Again I have to start this piece by admitting I had no intention of publishing it right now. But then I read an article in The Guardian, this, only one week after the article that prompted my last blog about how wonderful all was in the world of English  vine growing. And this article, one week later, is about how bad things are in the world of French vine growing.

It was headlined ‘Bordeaux vines are decimated by nine minutes of hail’

“Loic de Roquefeuil surveyed what was left of his vineyard: row upon row of skeletal vines bereft of foliage and fruit, their broken branches hanging limp. ‘It’s a catastrophe. Everything has gone: the leaves, the grapes, everything. It happened so quickly. A year’s work gone in nine minutes of hail’ he said. He blinked back the tears.”

No, I’m not gloating. I only ever do this when we beat the French at rugby. I know the French have that Latin temperament that has been accused of being dramatic but my heart, the heart of a brother vine grower, went right out to him. And I thought we had challenges with the weather. It quite made me re-evaluate our future.

So, yes, admittedly there are a certain number of negatives associated with our patch of Yorkshire hillside, before coming to these let me just say, there are also one or two major positives – it was free and it was outside (it came with the barn we bought as my wife’s studio but that’s another story). Three other significant positives are – it is well-drained and it is south facing and because it is half way down the hillside it should not fall victim to frost pockets.

The main negative, as I told you last time, is its exposure. We haven’t had any hail just before harvest time but then we haven’t had a harvest time yet, so perhaps that’s to come. True it can be quite dispiriting in winter when the wind is so strong that you literally can’t stand up. Rain comes anything but vertically (probably any hail would go straight by). Yes, you think, what would be a really good idea is to plant vines right here. If I closed my eyes I could be in the Mediterranean. Apart from the small fact that I would be flat on my back or front, laid horizontal by the wind if I closed my eyes. Wind is the enemy of vines. The phrase echoes in my head. Don’t they have the mistral in the Rhone and doesn’t that drive people mad? So we have that in common with Rhone producers. And New Zealand is definitely windy. How difficult can it be? I spit on the wind although not into it.

Wind breaks I think. Trees or artificial wind breaks but wait that’s for the future. A more immediate problem is that vines generally prefer alkaline soil. Hence, in part, (although climate also plays a part) the attraction of the  southern chalk lands enough like the geology of the area of champagne for French wine producers to be buying land in southern England. Even in these parts land can sell for £10,000 an acre so God knows what it sells for down in Dingly Dell land. So, yes, free is good and overrides a lot of negatives.

One of which, to return to my main theme, is the acidic nature of the soil. Its proximity to the moorlands and the heather with its acid content means a life time of spreading lime. Did I mention its height is also a negative – 500 feet at a conservative estimate – hence the moorland.  The OS map says 600 but I prefer to think of it as 500, more homely somehow. Apparently you lose a degree of temperature in the vineyard for every 100 feet of altitude. As it seems grape ripening is all about warmth, we can’t afford any loss of degrees given our limited sunlight hours. The chap who ran the course said if you have wind it’s like trying to heat your car while driving along with the window open. Repeat after me it’s cheap and it’s outside.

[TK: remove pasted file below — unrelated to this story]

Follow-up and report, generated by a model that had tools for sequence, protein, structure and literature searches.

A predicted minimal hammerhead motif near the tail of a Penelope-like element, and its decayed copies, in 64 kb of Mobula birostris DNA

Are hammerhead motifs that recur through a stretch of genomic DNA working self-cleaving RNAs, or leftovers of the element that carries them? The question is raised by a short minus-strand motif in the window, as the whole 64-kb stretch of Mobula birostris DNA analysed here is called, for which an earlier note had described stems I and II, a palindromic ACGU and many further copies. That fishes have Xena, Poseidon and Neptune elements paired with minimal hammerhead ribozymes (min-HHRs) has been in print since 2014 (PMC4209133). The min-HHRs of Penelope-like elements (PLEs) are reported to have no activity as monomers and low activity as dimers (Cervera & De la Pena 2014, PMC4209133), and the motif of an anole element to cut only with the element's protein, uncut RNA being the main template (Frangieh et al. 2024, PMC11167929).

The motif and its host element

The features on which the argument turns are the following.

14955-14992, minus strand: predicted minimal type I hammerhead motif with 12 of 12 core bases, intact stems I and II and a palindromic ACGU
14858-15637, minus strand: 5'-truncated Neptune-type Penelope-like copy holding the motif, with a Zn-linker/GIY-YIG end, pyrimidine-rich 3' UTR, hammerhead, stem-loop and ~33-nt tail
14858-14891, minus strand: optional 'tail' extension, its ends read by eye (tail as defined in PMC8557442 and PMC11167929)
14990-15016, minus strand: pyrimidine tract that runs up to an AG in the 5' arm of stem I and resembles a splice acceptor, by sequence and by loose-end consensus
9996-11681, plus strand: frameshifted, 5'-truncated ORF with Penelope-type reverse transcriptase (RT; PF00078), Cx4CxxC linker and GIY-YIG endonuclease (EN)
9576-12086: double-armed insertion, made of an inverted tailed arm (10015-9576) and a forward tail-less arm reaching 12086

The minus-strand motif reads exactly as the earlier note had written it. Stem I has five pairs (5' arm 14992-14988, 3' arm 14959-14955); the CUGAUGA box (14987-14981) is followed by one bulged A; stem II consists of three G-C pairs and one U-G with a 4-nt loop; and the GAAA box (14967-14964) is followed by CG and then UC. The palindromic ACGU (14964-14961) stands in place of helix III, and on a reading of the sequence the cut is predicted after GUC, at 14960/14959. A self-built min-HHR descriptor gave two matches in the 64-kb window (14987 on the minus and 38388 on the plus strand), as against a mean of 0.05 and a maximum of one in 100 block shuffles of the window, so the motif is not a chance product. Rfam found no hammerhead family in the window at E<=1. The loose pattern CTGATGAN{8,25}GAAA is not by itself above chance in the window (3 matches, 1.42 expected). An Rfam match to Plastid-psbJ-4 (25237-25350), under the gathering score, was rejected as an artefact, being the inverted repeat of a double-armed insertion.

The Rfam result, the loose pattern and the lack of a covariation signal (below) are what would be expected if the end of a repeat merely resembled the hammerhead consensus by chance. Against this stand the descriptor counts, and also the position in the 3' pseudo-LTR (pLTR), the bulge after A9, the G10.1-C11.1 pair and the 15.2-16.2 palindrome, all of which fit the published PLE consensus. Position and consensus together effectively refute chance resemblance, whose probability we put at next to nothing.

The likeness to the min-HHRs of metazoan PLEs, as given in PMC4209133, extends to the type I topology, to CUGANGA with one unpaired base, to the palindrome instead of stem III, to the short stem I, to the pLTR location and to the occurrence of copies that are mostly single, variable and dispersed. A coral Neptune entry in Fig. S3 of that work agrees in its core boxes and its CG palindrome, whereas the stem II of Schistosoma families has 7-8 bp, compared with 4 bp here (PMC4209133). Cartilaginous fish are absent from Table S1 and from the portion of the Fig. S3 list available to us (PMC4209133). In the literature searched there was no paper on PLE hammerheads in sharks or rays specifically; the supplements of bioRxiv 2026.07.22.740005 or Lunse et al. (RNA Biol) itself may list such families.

By the way, in case you were wondering the economics of this venture, they are simple. I will spend however much I think I can afford to lose in pursuit of my dream. At the time of me and my wife being employed we reckoned a maximum of about £5,000. Well decide for yourself.

So 3 tons of granulated lime (cost £400 as I recall) are spread over our half acre. I establish a nice working relationship with my farmer neighbour he spreads the lime easily with his big spreader and this is possible because there are no posts and no vines yet. Then he ploughs 26, I think it was, furrows into which I (actually myself, my wife and daughter and prospective son-in-law) will plant the vines. My neighbour is what I would call a ‘lovely chap’ and probably the least sceptical of men which is strange given that, being a farmer, he is totally practical about the land. There’s no rubbish about the romance of planting vines.

Thing is, so many farmers have been forced to diversify that any enterprise is regarded as worth a shot. He doesn’t say a lot but what he does say –“you’ve got to try these things” – is encouraging. Secretly I think a few of the farmers round here are watching for my success or more likely failure with self-interest. I can see it now – Nidderdale, the new Bordeaux, maybe. Wow! and then the wind blows me over.

Next time I’ll tell you about the posts, the vines and the wild life!

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